As with all commodities that are readily supplied by several countries, crude oil can tend to either be in over supply or short supply.
When there is a short supply, prices bid up to the highest that the market sustains. When supply is ample, prices sink to the lowest that producers will accept. There is no happy middle ground. That is why commodity prices (not only oil, but cocoa, metals, etc.) are "volatile" and why it is so easy to lose your shirt in commodities trading.
So along with traditional supply and demand economic issues, there is also an incredible incentive to manipulate the market for a commodity.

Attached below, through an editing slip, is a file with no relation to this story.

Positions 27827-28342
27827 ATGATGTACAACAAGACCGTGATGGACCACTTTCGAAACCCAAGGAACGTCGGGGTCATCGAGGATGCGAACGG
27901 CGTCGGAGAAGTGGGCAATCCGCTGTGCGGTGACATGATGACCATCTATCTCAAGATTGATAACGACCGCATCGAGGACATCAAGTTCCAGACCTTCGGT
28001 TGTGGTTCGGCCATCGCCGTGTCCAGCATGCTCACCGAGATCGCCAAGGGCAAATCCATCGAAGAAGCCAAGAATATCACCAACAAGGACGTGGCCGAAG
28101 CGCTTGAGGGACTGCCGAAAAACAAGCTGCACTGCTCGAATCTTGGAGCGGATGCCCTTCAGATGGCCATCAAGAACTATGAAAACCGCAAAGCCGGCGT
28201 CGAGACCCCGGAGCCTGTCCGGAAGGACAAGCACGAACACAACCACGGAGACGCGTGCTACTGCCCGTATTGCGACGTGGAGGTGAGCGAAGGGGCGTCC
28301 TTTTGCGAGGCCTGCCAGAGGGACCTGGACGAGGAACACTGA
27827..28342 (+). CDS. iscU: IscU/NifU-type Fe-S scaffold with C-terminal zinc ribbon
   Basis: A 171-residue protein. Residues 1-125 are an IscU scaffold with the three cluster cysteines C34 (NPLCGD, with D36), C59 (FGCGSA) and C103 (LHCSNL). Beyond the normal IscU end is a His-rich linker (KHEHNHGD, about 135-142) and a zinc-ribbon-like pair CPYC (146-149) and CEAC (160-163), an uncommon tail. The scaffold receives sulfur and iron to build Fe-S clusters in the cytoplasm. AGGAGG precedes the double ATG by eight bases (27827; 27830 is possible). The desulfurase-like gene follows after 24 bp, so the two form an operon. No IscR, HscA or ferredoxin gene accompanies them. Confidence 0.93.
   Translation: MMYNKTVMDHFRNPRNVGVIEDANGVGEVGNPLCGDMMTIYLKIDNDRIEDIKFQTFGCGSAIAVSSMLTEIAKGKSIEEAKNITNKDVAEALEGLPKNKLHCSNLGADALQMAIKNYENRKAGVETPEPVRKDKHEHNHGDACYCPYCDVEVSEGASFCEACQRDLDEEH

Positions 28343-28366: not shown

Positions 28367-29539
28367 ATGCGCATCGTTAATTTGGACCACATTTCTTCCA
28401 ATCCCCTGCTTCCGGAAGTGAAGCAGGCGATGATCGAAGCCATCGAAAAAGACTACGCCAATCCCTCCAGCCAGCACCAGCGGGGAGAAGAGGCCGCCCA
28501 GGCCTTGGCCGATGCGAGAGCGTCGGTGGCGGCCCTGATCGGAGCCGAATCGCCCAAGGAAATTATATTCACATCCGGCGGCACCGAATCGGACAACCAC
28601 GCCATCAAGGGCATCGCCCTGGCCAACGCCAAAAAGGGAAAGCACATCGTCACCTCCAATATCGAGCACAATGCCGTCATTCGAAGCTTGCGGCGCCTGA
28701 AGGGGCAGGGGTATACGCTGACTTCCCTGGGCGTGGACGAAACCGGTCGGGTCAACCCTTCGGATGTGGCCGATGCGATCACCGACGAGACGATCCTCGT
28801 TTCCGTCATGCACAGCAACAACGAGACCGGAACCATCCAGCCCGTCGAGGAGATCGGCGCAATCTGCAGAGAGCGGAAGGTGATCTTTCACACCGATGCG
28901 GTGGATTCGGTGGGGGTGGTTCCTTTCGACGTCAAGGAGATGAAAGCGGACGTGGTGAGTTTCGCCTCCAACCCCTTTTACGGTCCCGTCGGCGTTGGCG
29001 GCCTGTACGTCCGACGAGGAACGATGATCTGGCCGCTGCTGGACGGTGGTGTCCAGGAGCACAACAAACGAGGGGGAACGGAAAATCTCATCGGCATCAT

For example, every time OPEC (Organisation of the Petroleum Exporting Countries) gets together and discusses cutting production, oil prices go up. If Iran pursues an atomic bomb and openly announces every milestone in their programmme, oil prices go up.
The knock on effect is that products made with oil, copper or silver get more expensive, manufacturers pass on the higher costs, prices among goods and services re-adjust, and life goes on.